August 10, 2004
Last One Standing
Post from Ron:
As Doug noted in an earlier post, Judge Cassell is hearing arguments in United States v. Weldon Angelos about the interaction between mandatory minimum sentences and the Blakely decision. Given that federal sentencing law comes from many sources -- not just the Sentencing Reform Act of 1984 -- it is worth asking exactly what laws we mean when we discuss "severability."
To add to the amicus brief in the Angelos case posted earlier, I've now received the brief filed by defense attorney Jerome Mooney. A link for downloading appears below. The brief frames the issue this way:
The single question then presented by the Court’s resent request is whether in the 20 years of legislative action following the implementation of the guideline system and its integrated sentencing system, minimum mandatory sentencing provisions, and particularly those encompassed in 18 U.S.C. 924( c) have become an integrated and dependant part of that system such that they rise or fall with the constitutionality of the system as a whole.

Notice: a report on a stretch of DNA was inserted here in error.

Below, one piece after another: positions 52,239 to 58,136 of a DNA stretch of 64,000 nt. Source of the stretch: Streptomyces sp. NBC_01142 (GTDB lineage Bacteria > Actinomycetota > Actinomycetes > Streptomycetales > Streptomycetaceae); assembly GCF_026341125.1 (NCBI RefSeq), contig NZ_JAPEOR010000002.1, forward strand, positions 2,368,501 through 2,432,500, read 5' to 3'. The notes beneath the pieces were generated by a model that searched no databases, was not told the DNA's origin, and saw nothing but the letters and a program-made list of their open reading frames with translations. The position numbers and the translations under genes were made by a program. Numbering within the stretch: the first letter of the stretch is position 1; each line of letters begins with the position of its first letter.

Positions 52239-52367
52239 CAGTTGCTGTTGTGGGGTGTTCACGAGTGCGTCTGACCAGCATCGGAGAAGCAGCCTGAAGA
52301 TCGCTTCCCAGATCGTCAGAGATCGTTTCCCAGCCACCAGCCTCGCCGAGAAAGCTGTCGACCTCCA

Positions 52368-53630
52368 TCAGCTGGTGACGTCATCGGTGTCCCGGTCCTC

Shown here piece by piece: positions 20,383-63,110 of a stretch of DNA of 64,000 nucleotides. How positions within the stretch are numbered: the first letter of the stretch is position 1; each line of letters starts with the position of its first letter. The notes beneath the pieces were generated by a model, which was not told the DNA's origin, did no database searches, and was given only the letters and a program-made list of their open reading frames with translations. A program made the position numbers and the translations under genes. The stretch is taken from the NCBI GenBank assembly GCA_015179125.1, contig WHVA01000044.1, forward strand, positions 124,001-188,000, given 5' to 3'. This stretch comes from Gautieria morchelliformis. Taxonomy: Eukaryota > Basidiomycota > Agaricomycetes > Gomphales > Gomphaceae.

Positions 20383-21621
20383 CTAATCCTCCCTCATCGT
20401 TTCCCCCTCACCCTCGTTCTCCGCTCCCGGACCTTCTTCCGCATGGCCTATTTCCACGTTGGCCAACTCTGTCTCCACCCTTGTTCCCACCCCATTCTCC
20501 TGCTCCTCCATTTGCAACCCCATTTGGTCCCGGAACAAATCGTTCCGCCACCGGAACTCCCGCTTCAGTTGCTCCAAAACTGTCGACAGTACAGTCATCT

The traditional argument at the heart of the brief is that the Congress in 1984 intended to create an integrated system for sentencing. The brief also breaks some new ground in pointing out that some mandatory minimum statutes (especially 924(c)) have been amended often over the years in ways that suggest Congress thought of the laws as part of an integrated sentencing system, rather than crime-specific "overrides" of the guidelines system.
Setting aside the constitutional and statutory interpretation questions, it would be truly abhorrent as a policy matter if the only component of federal sentencing left standing were the mandatory minimum penalties.
August 10, 2004 at 09:34 AM | Permalink
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The traditional argument at the heart of the brief is that the Congress in 1984 intended to create an integrated system for sentencing.
Posted by: Robe de Soirée 2013 | Dec 14, 2012 1:51:14 AM